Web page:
With its rock star-meets-manor house credentials, Joanna and Mark’s family home is a celebration of luxe grandeur
Once a secret hangout for cool Sixties creatives, Joanna and Mark’s manor house flat still boasts a good-time vibe
Mick Jagger and Jimi Hendrix partied in our living room and Rod Stewart wrote Maggie May in one of the bedrooms, so it would be a crime not to throw a Christmas party here,’ says Joanna Shipton. She and husband Mark live on the ground floor of a rambling Hertfordshire manor house that was a hush-hush hangout for cool creatives back in the Sixties. Pop art greats including Peter Blake lived here. Ken Russell wanted to film Women in Love here, but was turned down in order to preserve the secrecy of this particular bohemian enclave. Think a more discreet version of Keith Richards’ country pile, but minus the police raids.
‘We bought it from the son of the artist Barry Daniels, one of the original free spirits who founded the Danad Design collective and made everything happen here,’ says Joanna. ‘It definitely feels as if an air of creativity is still floating around in the ether.’ Remnants of the lives of previous inhabitants – from paintings to furniture – were still piled up high in all the rooms when they first visited. ‘It was hard to see past it all, but slowly, the place revealed itself, like a hidden gem,’ says Joanna.
When it came to finding a style to suit the house’s glam back story – not to mention the older architectural flourishes added by Sir John Soane in the 18th century – Joanna and Mark called up Camilla Kelly, who runs The Mint List Interior Design. ‘We had a lot of fun together,’ says Joanna. ‘Camilla has an eye for sourcing pieces that exude a grandeur that fits in with the surroundings, but without going at all “National Trust”.’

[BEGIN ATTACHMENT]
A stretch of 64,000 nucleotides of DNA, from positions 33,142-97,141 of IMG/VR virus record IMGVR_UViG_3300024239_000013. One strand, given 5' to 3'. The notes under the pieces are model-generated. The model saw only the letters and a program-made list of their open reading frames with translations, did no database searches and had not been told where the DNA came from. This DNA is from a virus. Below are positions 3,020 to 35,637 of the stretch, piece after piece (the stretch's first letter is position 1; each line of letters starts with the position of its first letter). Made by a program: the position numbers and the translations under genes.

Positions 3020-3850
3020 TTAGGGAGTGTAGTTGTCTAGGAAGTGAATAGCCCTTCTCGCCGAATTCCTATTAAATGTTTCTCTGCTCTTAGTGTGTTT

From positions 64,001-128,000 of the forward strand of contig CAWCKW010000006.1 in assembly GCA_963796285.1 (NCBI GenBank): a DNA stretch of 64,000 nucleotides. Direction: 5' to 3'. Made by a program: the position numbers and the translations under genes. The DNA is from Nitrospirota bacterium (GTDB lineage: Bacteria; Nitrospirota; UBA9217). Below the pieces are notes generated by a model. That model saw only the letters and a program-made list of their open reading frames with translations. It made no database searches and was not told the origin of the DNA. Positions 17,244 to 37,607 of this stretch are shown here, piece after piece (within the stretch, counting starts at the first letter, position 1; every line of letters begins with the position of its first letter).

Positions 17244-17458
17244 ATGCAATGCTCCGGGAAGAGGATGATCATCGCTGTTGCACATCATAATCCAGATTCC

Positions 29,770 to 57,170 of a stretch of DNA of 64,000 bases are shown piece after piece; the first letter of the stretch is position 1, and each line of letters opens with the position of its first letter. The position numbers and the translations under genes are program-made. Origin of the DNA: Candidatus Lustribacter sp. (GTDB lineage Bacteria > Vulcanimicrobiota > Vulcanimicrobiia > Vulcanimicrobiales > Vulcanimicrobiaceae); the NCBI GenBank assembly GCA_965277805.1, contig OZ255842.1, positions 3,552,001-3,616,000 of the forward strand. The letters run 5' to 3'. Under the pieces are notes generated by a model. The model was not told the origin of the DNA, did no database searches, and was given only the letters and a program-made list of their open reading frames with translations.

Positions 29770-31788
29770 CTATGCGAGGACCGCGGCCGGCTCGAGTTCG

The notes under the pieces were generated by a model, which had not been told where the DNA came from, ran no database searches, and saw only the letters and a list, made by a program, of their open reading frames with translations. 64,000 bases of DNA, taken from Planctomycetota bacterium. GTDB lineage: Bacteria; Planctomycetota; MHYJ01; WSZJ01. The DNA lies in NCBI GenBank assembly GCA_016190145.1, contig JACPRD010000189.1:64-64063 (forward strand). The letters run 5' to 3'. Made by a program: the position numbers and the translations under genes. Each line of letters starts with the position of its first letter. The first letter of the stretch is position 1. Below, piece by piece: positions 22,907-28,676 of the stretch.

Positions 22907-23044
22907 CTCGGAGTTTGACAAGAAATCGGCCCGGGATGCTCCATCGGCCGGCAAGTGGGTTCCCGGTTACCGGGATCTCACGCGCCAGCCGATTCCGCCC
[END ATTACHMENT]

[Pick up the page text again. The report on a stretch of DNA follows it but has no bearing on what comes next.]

The sheer scale of the ballroom-like spaces was initially daunting. ‘We moved here from a more “normal” house and our style was more slick, contemporary furniture,’ says Joanna. A few pieces were invited along on the short road trip to their new home, but, overall, Joanna and Mark’s style needed a total rethink. Textures needed more depth; furniture needed added stature. And the overall effect needed to be cast through a more glamorous filter.
‘Camilla helped us to turn what could have been several cavernous spaces into a cohesive flow,’ Joanna says. The family’s central space is an open-plan living room with a dining area, united and softened with rich velvets, a gleaming étagère and layers of lush curtains. Large-scale Tom Dixon pendants add a sense of drama that suits the high proportions.
Then there’s the children’s zone: a vast nursery space the couple wanted their kids to share, rather than carving it up into separate rooms. But they also didn’t want it to feel like a draughty Victorian dormitory. Camilla’s solution was to define three cosy spaces with scaled-up headboards and a cool illuminated initial over each bed. A shared play area is there for when they want to hang out together. ‘It’s a dream room for kids,’ says Joanna. ‘I can already imagine them all waking up on Christmas morning…’
This will be the family’s third Christmas here and 24 are invited for lunch. ‘It really is a fab space for family gatherings,’ says Joanna. ‘Last year, I cooked for everyone, but this time, everyone’s bringing one dish, so hopefully, I’ll escape potato duty. I must have peeled 150 potatoes last year.’
Just as well for Santa’s imminent arrival that the original fireplace surrounds have been restored, along with the period mouldings. But the house’s grand entrance, designed by Sir John Soane, is the architectural star, with stately Ionic pillars that were prototypes for his design for the Bank of England. ‘That view of the entrance from the long drive had us hooked from the start,’ says Joanna.
Given its Grade Ii-listed status, the couple have ‘left the architecture to speak for itself.’ Joanna says: ‘With a house like this, you feel as if you’re looking after it for the next generation.’ And finding out more about its past lives has been part of that pleasure. In the basement, Joanna and Mark found stacks of paintings left by the artist Barry Daniels and asked his son if they could have them framed. Hanging in a row beneath ornate 18th-century cornicing, these drawings are a perfect homage to the house’s creative past. ‘When you walk in, you can feel that good things have happened here,’ says Jo. ‘Now we’re here, I reckon there are plenty more good times to come.’